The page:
Kyle returns to Taya and his son. He left for Iraq just days after his son was born, and, in many ways, he doesn’t feel like a father. Back home, Kyle spends a lot of time bonding with his boy. At the same time, he and Taya begin to have marital problems. In particular, they argue about their child. Kyle entertains himself by pulling pranks; one afternoon, he moons his neighbor, which irritates Taya. Kyle also begins getting into fights. However, he enjoys the respect that he commands by virtue of being a veteran. Kyle and Taya also struggle with intimacy.
Kyle struggles to adjust to civilian life during his time back in the U.S. His pranks and off-color humor, a fixture of his time with the SEALs in Iraq, don’t translate to his home. Furthermore, Kyle finds it increasingly difficult to talk to Taya—his experiences as a soldier in Iraq are so harrowing that he can only open up to other people who’ve had similar experiences.
During his time back in the states, Kyle goes to a New Orleans school run by FBI agents; there, he learns about picking locks, hiding cameras, deploying parachutes, and other skills. In particular, Kyle savors the adrenaline rush of jumping from a plane. Kyle enjoys spending time with Taya and his son, but also wishes that he could be back in Iraq, fighting alongside his good friend, Marcus Luttrell (who heroically fought off hundreds of Taliban fighters in Afghanistan, and later wrote a book about it, Lone Survivor). Although many military strategists schedule meetings with Kyle to talk about his experiences in the war, they mostly refuse to listen to his advice, which frustrates Kyle greatly.
A few things to note about this passage. First, Kyle continues to savor danger, excitement, and adrenaline. Second, he continues to feel divided loyalties—on one hand, he loves his family; on the other, he wants to fight. Third, Kyle mentions his old friend Marcus Luttrell, who was involved in the Operation Red Wings disaster, during which he became the lone survivor of a Taliban ambush. Fourth, Kyle continues to show signs of disrespect for military leadership—he disagrees with their counterinsurgency recommendations for Iraq.
Kyle wants to be back in Iraq more and more each day. Taya is devastated when she learns that he is planning on reenlisting in the military. She tells him that if he goes back to the Middle East, she’ll know that “being a SEAL is more important to him than being a father or a husband.” Nevertheless, Kyle proceeds to reenlist.
Kyle’s choice to reenlist in the military is a clear sign that he’s more loyal to his country than to his family (and that, perhaps, like some people who suffer from trauma, he feels drawn back to the environment that caused his trauma in the first place).
Kyle reenlists and bonds with his new unit. During basic training, he hazes an overweight recruit named Ryan Job—the standard treatment for any new recruit. Instead of caving in to pressure, Job remains in training, loses weight, and earns his peers’ respect. Kyle and the other soldiers force Job to annoy the biggest, strongest soldiers in basic training, with the result that Job gets beaten up a lot. Another memorable soldier Kyle meets in training is Marc Lee. Lee is charismatic and funny, but he’s also devoutly Christian. Lee leads prayer groups and “was always there” to talk about the Bible.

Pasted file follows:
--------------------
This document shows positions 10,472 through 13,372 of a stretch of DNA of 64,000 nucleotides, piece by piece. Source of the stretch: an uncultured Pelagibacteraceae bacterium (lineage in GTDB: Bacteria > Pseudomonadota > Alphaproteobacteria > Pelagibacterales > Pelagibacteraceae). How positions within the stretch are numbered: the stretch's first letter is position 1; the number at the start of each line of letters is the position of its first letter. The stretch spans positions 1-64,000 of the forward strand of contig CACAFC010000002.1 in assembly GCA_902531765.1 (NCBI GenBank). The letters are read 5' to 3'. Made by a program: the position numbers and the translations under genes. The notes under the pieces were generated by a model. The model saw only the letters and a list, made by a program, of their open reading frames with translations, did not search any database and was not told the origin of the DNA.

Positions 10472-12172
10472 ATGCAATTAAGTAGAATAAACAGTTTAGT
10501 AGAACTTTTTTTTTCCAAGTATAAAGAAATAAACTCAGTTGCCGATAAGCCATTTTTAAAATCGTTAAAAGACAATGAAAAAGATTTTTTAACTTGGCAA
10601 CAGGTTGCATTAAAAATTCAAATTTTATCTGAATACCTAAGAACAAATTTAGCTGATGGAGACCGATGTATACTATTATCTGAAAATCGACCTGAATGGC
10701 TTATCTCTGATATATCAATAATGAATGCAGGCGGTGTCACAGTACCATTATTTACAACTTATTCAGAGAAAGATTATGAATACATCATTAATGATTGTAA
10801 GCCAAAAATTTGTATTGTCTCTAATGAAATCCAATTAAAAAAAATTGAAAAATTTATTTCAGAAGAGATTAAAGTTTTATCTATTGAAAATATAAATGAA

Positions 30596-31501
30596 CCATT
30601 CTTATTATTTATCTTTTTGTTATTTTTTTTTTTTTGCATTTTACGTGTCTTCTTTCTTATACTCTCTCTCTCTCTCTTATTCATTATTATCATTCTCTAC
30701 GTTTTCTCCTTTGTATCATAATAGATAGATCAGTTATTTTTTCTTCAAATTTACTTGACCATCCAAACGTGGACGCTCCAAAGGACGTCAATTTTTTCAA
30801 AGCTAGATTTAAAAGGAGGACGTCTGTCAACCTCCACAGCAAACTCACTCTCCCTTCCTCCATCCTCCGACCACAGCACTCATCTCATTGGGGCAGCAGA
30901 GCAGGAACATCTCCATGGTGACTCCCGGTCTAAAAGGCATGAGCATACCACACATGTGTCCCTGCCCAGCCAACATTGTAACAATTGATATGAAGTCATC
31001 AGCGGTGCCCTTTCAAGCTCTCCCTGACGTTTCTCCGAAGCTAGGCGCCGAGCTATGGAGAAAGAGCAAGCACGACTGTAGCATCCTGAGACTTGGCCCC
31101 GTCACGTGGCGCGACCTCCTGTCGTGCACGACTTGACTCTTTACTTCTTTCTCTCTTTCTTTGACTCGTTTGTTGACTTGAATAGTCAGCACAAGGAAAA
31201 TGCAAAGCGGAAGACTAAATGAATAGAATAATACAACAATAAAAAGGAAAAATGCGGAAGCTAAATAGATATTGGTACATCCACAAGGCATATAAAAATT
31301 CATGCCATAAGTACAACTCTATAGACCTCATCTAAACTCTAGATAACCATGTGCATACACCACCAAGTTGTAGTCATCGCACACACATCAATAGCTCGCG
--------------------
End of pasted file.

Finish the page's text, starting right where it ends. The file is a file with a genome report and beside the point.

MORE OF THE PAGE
Previously Kyle was hazed by older, more experienced SEALs, and in the process, he became “one of the guys.” Now that Kyle is an older SEAL, he hazes the younger recruits, including Job. The SEALs don’t tease and haze Job simply to discourage him; rather, they’re trying to encourage Job to work harder. In the culture of machismo, pain and bullying often build friendship (however problematic that friendship might be) instead of ruining it.
Before shipping out of training, Kyle gets two tattoos: a Trident, symbolizing his SEAL affiliations, and a cross, symbolizing his faith. He also learns that Taya is pregnant with their second child. She begs him not to leave her for the Middle East, but Kyle insists that he has a duty to “kill bad guys.” He admits that he’s excited to be back in Iraq.
Kyle continues to love Taya, but feels that his primary duty is to his country and to his fellow SEALs, not to his wife and children. At the same time, Kyle isn’t only motivated by an abstract, lofty sense of duty—he clearly gets a lot of pleasure from killing insurgents, and he’s eager to be back in Iraq.
Two days before Kyle deploys, Taya learns that she’ll have to have an emergency C-section—her umbilical cord is wrapped around her baby’s neck. Kyle witnesses the long, painful birth of his daughter, and fears for his wife. In the end, however, the operation is a complete success. Kyle holds his newborn daughter, feeling “real warmth and love.” But two days later, he leaves the country for Iraq.
Kyle’s love for his wife is plain in this passage, in which Kyle fears for Taya’s safety during her lengthy C-section. But as much as he loves Taya and their new baby, Kyle refuses to give up on his promises to the SEALs.